If Lin Can
Richard Ho, author
As a child, Richard Ho harbored perfectly reasonable career aspirations: professional basketball player, astrophysicist, and Jedi master. When he "grew up," he worked as a magazine journalist, a scriptwriter, an editor, and an author. His highly acclaimed picture books include Red Rover, The Lost Package, and Year of the Cat.
Read more about Richard.
Huynh Kim Liên and Phùng Nguyên Quang, illustrators
Phùng Nguyên Quang and Huỳnh Kim Liên are book creators who live and work together in Ho Chi Minh City, Vietnam. They have illustrated several children's books, including My First Day (which they also wrote), Hundred Years of Happiness, and The Floating Field: How a Group of Thai Boys Built Their Own Soccer Field.
- Coming soon!
The Horn Book
Composed mostly of questions, this picture-book biography traces Jeremy Lin's uphill battle as the first American of Chinese or Taiwanese descent to play in the NBA. Moving from his youth to his breakout 2012 game with the New York Knicks, the book shows how faith, diligence, and tenacity helped Lin weather taunts, setbacks, privation, and an agonizing NBA draft wait. The digital illustrations employ spot art to depict Lin's off-court life, while full bleeds portray on-court action and the media craze ("linsanity") surrounding his meteoric rise from obscurity. Ho prompts children to reflect on their own experiences contending with naysayers, find role models who look like them, embrace who they are, and defy stereotypes. Back matter fleshes out Lin's life story and includes an author's note and bibliography.
A pep talk featuring Jeremy Lin, the first athlete of Asian descent to play in the NBA.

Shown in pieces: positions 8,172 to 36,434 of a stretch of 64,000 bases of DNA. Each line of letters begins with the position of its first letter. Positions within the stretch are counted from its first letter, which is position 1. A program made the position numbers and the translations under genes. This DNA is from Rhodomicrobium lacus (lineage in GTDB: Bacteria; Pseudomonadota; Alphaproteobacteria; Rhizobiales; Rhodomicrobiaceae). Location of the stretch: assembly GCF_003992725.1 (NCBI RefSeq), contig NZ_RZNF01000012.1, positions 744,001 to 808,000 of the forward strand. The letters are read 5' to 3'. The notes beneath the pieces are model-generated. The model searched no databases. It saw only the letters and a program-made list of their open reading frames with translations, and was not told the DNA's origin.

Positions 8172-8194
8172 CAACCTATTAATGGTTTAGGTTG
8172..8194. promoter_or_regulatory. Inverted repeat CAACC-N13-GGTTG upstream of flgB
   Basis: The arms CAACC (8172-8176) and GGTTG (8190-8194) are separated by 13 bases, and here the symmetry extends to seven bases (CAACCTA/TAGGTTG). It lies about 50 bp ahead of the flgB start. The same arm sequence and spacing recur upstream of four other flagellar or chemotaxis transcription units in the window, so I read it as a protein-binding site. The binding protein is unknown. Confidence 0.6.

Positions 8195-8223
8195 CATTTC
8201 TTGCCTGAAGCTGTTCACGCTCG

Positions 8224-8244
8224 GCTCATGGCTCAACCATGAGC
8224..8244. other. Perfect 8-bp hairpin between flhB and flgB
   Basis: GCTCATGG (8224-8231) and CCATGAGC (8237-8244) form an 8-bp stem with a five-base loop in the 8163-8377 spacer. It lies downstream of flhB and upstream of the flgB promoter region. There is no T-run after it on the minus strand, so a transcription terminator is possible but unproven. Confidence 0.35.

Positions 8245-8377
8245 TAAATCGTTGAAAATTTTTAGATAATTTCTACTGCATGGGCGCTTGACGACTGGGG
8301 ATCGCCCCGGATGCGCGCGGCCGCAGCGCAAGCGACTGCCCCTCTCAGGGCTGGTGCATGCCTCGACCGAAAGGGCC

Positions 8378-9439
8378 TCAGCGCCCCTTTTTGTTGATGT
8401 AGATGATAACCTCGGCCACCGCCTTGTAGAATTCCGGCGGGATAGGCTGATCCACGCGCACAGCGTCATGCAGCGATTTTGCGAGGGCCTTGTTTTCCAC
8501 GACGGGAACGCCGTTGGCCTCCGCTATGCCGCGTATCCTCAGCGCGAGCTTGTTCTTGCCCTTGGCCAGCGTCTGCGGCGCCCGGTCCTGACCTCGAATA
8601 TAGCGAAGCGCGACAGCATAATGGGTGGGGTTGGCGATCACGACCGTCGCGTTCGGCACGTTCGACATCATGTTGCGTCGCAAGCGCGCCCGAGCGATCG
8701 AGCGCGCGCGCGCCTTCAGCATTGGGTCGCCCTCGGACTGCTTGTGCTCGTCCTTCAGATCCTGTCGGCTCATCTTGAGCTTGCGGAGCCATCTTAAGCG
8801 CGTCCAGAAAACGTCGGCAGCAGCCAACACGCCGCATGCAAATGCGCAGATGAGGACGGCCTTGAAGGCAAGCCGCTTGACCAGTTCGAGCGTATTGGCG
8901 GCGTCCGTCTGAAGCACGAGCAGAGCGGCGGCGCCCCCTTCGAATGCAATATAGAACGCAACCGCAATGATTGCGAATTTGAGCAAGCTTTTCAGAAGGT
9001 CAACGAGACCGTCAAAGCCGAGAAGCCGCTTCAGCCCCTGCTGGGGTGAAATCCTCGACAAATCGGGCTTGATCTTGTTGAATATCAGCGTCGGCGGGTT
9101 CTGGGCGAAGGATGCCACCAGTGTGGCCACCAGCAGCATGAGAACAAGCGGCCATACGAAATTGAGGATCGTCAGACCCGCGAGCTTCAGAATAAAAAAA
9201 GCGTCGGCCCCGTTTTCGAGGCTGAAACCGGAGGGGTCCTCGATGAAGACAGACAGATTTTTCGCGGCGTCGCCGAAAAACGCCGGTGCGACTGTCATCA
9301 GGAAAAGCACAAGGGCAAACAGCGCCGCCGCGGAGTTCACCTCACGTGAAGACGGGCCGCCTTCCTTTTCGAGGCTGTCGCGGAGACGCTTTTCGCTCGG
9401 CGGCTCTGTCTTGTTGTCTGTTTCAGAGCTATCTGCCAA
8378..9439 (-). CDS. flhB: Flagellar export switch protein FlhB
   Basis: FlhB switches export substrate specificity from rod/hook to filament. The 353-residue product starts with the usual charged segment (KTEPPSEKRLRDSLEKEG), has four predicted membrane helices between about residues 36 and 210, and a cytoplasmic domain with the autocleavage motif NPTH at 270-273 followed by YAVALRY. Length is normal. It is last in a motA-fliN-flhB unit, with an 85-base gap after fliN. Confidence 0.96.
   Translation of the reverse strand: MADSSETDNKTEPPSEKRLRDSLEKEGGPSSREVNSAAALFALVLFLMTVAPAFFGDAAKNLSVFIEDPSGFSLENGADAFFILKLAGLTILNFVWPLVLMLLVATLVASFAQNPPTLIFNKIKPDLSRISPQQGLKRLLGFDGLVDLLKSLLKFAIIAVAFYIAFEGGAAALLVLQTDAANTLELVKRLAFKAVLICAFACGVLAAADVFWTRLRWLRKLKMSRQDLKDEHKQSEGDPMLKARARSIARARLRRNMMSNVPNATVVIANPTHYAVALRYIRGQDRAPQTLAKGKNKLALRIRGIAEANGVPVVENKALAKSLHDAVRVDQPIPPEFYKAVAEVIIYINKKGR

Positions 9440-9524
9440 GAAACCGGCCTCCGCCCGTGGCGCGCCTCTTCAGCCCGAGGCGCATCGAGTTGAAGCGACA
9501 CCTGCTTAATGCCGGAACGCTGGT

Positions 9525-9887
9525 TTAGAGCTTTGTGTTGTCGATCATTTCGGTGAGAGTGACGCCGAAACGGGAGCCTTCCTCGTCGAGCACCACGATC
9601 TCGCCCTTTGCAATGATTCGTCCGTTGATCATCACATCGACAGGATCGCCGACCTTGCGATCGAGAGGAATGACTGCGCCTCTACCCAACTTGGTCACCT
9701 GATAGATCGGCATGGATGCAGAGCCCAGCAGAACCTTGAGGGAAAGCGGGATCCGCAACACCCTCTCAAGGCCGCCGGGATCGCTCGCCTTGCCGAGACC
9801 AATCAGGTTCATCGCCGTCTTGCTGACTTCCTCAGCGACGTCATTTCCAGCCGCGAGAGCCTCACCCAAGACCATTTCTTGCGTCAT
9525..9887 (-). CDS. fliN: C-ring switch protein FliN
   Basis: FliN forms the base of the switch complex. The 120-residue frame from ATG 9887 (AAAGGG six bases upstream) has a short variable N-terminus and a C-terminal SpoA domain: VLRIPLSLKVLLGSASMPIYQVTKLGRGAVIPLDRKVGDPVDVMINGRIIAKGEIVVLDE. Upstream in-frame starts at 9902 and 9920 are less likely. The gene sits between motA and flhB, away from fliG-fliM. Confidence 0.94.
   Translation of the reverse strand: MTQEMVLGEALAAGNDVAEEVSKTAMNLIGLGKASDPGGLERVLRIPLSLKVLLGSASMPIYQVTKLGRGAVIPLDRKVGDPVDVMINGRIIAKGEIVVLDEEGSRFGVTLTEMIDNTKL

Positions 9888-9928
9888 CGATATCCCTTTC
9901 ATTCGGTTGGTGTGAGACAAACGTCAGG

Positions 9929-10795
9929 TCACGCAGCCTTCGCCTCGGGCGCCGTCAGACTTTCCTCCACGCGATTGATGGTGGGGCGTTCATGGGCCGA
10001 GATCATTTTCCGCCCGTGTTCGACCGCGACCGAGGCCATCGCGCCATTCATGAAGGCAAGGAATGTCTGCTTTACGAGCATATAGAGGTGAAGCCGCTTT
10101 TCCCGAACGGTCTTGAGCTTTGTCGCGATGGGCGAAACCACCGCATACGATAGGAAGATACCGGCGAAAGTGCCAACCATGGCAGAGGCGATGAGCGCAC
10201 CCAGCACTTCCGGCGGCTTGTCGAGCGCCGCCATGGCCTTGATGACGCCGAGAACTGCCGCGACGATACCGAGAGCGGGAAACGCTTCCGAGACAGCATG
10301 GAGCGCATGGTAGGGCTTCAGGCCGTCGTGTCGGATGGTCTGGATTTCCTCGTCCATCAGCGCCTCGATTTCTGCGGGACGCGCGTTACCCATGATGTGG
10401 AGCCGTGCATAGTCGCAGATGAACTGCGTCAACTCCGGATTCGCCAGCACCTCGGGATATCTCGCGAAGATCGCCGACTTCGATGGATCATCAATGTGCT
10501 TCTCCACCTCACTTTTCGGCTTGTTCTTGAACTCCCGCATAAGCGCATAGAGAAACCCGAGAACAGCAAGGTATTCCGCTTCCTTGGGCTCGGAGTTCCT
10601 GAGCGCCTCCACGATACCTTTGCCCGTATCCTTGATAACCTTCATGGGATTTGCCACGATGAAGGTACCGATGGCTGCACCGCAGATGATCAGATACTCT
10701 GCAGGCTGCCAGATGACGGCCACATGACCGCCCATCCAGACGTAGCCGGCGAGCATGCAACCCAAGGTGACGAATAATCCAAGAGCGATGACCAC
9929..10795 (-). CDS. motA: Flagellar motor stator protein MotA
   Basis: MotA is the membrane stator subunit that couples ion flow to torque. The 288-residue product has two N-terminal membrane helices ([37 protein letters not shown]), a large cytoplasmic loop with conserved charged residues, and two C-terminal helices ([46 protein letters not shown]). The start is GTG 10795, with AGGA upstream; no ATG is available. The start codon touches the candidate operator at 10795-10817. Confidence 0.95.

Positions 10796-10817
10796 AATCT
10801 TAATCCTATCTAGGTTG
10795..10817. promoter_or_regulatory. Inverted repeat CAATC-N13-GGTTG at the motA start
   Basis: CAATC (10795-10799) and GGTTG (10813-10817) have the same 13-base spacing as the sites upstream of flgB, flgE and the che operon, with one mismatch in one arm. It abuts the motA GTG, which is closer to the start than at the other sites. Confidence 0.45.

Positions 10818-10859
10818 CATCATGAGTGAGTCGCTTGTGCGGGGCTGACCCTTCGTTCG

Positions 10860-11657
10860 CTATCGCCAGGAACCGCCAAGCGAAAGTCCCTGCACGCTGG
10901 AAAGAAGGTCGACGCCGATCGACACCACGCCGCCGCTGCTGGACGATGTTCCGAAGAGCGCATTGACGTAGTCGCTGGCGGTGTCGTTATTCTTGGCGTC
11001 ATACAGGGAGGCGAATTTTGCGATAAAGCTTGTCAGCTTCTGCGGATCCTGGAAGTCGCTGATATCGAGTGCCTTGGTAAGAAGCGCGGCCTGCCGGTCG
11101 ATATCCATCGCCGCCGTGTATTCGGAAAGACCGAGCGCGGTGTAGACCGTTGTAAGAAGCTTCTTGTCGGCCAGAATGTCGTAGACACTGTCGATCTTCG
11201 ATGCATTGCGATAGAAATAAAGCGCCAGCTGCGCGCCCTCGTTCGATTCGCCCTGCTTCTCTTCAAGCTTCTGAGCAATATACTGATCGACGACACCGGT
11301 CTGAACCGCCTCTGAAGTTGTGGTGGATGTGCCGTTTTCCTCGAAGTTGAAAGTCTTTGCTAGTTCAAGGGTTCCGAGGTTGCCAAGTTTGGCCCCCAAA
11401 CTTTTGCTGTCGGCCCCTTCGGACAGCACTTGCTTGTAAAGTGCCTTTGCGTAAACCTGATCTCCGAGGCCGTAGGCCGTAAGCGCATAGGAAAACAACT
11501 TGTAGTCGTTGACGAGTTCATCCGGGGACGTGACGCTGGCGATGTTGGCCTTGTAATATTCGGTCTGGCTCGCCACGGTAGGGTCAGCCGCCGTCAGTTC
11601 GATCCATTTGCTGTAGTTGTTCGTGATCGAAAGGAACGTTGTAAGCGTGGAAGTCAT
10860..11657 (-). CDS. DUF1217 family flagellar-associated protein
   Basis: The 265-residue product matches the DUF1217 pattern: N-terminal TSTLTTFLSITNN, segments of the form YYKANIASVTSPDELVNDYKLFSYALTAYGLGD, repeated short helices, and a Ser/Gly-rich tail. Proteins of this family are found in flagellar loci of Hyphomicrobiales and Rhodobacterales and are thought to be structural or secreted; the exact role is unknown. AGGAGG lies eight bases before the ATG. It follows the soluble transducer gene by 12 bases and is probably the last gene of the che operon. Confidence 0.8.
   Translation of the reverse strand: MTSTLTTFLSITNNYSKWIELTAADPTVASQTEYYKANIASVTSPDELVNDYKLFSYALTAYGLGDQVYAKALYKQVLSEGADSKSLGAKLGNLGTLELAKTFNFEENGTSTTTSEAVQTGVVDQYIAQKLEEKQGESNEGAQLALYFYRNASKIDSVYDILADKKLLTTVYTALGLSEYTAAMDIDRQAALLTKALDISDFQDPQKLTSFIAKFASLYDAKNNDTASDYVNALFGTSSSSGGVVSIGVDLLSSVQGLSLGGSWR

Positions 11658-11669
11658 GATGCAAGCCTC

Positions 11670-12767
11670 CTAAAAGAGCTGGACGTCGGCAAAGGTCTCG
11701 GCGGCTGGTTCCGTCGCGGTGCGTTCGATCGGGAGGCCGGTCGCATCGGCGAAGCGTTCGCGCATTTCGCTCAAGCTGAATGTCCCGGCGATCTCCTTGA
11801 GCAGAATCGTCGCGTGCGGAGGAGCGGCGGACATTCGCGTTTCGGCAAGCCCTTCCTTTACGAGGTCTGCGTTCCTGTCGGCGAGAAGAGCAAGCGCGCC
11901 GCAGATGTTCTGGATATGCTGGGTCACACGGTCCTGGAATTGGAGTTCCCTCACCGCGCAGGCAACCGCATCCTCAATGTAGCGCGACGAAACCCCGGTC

“Have you ever been told that you can’t?” With growing rhetorical force, Ho asks readers if they’ve ever felt misunderstood or disheartened. “You’re not alone,” he reassures them. “Have you ever turned on a television or opened a newspaper and discovered someone who looked like you?” The author goes on to show how Lin shrugged off naysayers and those who “made fun of his size, his race, and his game.” As a professional player, he was cut from his first team and continued to warm benches. He persevered, however, until, one February night in 2012, he was at last given the opportunity to show his dazzling stuff and ignited a season of “Linsanity” with the New York Knicks. Illustrations of two solitary, Asian-presenting children alternately ignored or surrounded by scoffing peers give way to scenes of the young Lin enduring similar treatment, including, in one scene, hearing catcalls from a dark-skinned young skeptic standing next to a light-skinned one mocking Lin’s eyes. But he works through it all and is ready when his chance comes to shine. “Now ask yourself,” the author concludes, “if Lin can, why can’t I?” Good question.
A slam dunk choice for role modeling. (more information on Lin, afterword, author’s note, bibliography)
Page count: 40
81/2 x 11
Publication date: April 16, 2024